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Improving Accessibility for E-Commerce: A Complete Guide

February 28, 2024

Table Of Content

Understanding Accessibility in E-commerce

Accessibility in e-commerce refers to the practice of designing websites and online shopping platforms in a way that makes them usable by as many people as possible, including those with disabilities. This encompasses a wide range of conditions, including visual, auditory, motor, and cognitive impairments. The goal is to ensure that all users can navigate, understand, and interact with e-commerce sites, thereby having equal access to online products and services.

Core Principles of Accessibility (WCAG Guidelines)

The Web Content Accessibility Guidelines (WCAG) are developed through the World Wide Web Consortium (W3C) process in cooperation with individuals and organizations around the world. They aim to provide a single shared standard for web content accessibility that meets the needs of individuals, organizations, and governments internationally. The guidelines are organized around four core principles, often abbreviated as POUR:

  • Perceivable: Information and user interface components must be presentable to users in ways they can perceive. This means that users must be able to perceive the information being presented (it can’t be invisible to all of their senses).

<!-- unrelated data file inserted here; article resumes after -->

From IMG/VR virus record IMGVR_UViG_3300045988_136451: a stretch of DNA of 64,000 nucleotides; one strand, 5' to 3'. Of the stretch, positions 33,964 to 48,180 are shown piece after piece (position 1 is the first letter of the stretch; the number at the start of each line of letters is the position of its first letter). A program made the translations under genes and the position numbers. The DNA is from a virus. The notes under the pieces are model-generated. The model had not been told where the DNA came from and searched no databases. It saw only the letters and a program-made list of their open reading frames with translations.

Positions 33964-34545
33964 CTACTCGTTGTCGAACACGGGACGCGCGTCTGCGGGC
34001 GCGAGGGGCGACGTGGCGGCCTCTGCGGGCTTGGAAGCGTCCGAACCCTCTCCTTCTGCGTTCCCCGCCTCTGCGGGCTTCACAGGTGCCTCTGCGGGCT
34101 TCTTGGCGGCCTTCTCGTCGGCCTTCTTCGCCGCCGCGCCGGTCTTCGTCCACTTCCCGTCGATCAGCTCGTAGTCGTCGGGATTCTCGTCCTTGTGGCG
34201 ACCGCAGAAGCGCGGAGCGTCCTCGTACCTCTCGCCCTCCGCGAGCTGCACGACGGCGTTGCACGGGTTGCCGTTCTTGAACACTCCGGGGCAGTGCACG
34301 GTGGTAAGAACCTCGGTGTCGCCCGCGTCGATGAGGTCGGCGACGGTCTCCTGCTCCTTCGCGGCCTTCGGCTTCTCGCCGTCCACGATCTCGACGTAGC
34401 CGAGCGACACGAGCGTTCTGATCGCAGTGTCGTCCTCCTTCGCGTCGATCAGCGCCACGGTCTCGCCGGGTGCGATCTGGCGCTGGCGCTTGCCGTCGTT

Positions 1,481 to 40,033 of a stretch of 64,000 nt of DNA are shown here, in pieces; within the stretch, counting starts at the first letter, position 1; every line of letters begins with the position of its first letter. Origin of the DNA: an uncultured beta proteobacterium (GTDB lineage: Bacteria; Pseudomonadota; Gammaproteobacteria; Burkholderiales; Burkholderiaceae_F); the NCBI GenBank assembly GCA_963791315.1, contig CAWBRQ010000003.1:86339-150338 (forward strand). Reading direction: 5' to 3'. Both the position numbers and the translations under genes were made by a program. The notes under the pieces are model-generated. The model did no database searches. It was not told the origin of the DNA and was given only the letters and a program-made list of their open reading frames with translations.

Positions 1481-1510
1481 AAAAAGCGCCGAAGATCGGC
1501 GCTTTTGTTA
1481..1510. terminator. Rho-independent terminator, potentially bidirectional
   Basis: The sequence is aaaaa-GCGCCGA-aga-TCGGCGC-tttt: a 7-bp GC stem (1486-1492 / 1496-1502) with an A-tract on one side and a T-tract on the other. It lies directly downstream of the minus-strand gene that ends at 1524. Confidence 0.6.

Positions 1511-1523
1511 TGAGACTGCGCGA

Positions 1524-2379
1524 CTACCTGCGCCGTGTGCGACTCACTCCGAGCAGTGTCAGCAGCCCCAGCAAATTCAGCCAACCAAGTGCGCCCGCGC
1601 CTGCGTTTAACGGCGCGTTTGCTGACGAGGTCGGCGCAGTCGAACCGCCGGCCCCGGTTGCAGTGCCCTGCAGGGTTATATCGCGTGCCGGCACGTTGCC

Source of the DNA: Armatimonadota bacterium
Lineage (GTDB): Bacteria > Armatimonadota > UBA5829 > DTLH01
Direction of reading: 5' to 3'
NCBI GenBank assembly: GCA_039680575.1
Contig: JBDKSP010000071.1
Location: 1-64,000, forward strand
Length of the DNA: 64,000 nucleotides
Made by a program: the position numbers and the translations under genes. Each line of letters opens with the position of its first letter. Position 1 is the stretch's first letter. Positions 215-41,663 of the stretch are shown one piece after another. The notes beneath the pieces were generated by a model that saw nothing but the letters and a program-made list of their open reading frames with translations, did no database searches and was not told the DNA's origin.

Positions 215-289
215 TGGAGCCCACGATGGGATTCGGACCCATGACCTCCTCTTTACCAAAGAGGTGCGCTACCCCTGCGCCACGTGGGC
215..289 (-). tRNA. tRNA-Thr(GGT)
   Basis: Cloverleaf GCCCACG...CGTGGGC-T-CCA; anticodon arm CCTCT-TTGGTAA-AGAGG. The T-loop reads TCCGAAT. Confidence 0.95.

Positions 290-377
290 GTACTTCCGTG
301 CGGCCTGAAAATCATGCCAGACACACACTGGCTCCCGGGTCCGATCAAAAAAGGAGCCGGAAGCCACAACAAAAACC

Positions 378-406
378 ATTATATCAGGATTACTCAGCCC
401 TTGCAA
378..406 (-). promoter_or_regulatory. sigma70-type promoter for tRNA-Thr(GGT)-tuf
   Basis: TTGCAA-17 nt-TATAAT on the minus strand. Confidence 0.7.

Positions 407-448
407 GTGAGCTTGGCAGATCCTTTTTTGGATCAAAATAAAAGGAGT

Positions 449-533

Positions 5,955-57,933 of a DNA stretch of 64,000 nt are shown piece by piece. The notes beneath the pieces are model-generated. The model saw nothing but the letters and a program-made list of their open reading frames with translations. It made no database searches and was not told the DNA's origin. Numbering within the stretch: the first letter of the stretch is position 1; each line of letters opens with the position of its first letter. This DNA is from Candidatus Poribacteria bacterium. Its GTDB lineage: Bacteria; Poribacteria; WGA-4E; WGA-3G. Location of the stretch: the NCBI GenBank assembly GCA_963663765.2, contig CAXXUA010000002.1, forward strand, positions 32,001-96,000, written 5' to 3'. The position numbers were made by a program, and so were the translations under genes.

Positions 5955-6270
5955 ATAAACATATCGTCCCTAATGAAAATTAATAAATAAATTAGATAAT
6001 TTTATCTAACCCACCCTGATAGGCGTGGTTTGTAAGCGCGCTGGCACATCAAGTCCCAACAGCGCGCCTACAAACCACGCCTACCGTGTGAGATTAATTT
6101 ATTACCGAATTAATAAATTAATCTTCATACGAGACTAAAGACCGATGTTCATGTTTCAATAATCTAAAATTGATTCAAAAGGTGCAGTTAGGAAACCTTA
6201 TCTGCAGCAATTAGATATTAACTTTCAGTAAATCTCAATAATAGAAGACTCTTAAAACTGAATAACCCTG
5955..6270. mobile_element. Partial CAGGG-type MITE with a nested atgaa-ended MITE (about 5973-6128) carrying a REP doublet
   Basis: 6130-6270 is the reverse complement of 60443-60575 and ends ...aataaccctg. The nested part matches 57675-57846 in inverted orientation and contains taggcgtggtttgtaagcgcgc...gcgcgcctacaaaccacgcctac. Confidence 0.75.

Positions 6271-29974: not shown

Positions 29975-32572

• Operable: User interface components and navigation must be operable. This means that users must be able to operate the interface (the interface cannot require interaction that a user cannot perform).
  • Understandable: Information and the operation of user interface must be understandable. This implies that users must be able to understand the information as well as the operation of the user interface (the content or operation cannot be beyond their understanding).
  • Robust:
    Content must be robust enough that it can be interpreted reliably by a wide variety of user agents, including assistive technologies. As technologies and user agents evolve, the content should remain accessible.

Legal and Ethical Obligations

Legal Obligations

In many jurisdictions, there are legal requirements for digital accessibility. For example, in the United States, the Americans with Disabilities Act (ADA) has been interpreted by some courts to apply to websites, requiring businesses to ensure their online content is accessible to all users. Similar laws exist in other countries, such as the Equality Act in the UK and the European Accessibility Act in the EU. These laws mandate that e-commerce sites be designed and developed in a way that disabled users have full and equal enjoyment of the goods and services provided.

Ethical Obligations

Beyond legal requirements, there is an ethical obligation for businesses to be inclusive and to not discriminate against people with disabilities. Providing an accessible website is a statement of an organization’s commitment to inclusivity and equality. It demonstrates a recognition of the diversity of customers and a desire to provide an equitable experience for everyone, regardless of their abilities.

Benefits of Accessibility for Everyone

Benefits for Potential Customers